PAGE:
From the World Food Programme, we learn that in Yemen, considered to be the world’s worst humanitarian crisis, will see a cut of nearly 60% in UK aid. Nearly half the population—13.5 million people—is already struggling to get enough food, and that is expected to rise by 3 million by the end of this month.
So what gender assessment have the Government carried out of their decisions? Will they publish a gender assessment? Will it publish a poverty assessment? How is it that this seems to be hitting what is perhaps the 1% of the world’s poorest people? Has it actually been targeted at women and the poorest?
My Lords, I, too, congratulate my noble friend on securing this timely and extremely important debate, and commend him on his powerful opening speech this afternoon.
On Monday this week, the Prime Minister set out his ambition to make the UK a science superpower, yet these cuts not only undermine current and future science research but that very ambition. Many projects will have funding cuts midway through, leaving them unable to complete critical work such as vaccine development or fighting future pandemics through AMR research. This means that millions of pounds worth of British taxpayers’ money which has been invested in those projects now risks being lost. Making cuts at this most critical time, particularly given the opportunity for leadership through the G7 and COP 26 presidencies, risks damaging the UK’s position on the global stage.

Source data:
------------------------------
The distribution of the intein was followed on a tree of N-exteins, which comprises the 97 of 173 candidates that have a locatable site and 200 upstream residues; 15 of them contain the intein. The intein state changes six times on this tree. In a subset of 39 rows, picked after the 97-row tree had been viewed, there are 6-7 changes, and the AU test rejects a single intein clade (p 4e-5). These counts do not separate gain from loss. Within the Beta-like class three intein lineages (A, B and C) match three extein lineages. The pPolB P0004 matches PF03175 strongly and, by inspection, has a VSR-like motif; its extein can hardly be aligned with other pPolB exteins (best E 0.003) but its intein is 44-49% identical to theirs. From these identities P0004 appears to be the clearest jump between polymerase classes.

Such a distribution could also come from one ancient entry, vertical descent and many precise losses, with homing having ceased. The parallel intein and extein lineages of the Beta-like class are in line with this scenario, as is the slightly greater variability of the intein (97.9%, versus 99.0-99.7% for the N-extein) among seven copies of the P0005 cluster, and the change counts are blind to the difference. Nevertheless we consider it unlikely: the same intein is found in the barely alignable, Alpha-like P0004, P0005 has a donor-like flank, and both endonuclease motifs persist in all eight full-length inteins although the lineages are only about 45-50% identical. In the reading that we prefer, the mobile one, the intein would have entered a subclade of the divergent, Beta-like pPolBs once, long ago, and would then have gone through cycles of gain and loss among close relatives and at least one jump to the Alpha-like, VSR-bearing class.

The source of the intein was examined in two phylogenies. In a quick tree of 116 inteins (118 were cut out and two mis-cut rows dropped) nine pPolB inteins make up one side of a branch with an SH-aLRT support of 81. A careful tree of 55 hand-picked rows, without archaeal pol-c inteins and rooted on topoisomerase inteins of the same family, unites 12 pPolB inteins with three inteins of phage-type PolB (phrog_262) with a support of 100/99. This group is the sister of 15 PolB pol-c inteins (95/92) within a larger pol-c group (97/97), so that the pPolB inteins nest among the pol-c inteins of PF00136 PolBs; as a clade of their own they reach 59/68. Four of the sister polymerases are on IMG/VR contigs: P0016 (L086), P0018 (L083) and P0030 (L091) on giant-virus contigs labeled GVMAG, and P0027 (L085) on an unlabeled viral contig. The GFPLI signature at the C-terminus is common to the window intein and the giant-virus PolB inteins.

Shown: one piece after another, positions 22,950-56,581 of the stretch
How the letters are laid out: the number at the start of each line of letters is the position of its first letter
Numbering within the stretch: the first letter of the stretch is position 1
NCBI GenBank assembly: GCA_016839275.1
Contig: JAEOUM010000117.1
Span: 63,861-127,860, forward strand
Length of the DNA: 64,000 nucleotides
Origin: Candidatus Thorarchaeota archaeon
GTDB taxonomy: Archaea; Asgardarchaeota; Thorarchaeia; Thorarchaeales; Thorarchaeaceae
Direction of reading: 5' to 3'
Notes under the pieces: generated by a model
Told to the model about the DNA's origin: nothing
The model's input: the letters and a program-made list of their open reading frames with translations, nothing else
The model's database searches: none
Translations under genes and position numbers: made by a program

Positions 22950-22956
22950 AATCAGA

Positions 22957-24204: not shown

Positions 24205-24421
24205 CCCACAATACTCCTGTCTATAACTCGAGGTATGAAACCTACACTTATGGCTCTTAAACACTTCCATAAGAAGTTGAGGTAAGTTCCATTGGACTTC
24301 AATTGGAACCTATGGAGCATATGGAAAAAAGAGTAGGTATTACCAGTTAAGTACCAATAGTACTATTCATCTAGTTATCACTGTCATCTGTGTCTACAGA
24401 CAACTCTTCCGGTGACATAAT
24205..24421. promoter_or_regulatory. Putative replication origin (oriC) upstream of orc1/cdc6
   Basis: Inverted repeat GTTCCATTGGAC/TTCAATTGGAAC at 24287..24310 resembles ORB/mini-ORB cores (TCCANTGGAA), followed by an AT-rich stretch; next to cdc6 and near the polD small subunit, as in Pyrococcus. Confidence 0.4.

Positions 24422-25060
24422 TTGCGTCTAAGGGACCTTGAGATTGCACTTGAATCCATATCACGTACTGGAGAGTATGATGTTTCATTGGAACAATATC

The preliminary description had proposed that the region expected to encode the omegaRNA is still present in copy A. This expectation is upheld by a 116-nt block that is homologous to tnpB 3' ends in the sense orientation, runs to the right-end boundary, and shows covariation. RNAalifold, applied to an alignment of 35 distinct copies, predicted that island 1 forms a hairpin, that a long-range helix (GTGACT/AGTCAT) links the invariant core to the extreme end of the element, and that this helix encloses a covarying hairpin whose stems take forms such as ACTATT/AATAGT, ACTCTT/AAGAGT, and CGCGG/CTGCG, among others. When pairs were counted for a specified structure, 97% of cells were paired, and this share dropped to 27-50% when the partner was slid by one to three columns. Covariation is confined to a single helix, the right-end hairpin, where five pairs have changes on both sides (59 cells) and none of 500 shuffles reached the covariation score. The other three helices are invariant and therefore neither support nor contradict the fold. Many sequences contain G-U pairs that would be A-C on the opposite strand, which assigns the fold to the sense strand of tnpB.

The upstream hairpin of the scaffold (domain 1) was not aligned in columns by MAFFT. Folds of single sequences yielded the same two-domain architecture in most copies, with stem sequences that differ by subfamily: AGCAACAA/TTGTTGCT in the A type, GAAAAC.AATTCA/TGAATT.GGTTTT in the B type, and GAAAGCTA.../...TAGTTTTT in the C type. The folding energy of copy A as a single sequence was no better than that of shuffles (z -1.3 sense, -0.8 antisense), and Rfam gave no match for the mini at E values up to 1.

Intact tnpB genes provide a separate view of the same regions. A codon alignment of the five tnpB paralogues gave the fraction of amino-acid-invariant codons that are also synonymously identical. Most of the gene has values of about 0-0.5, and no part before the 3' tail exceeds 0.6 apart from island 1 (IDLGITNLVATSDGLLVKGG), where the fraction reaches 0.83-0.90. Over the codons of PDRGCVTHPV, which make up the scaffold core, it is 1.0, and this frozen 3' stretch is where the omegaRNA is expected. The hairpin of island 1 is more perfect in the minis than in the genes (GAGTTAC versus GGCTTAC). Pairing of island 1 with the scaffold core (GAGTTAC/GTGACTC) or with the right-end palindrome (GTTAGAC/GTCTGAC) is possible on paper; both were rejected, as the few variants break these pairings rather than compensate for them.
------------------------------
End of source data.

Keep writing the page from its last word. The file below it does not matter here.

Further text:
Innovations for global public health need public funding, because there is no incentive for private research. We should recall that it was innovations such as work on malaria vaccines which helped lead to the Oxford/AstraZeneca vaccine. This research, long funded by UK ODA, has built a depth of expertise in infectious disease vaccines that is almost unparalleled. Does not the Minister agree that there is a very real risk that such innovation will not be there when we need it in future if we do not fund it now? In the wake of Covid-19 and with budgets tightening around the world, does not the Minister further agree that applied health research is exactly what is needed right now to make our limited budgets go further?
My Lords, I welcome this debate and thank the noble Lord, Lord Campbell, and other speakers for their important contributions today. I shall keep my comments brief: most points have already been covered.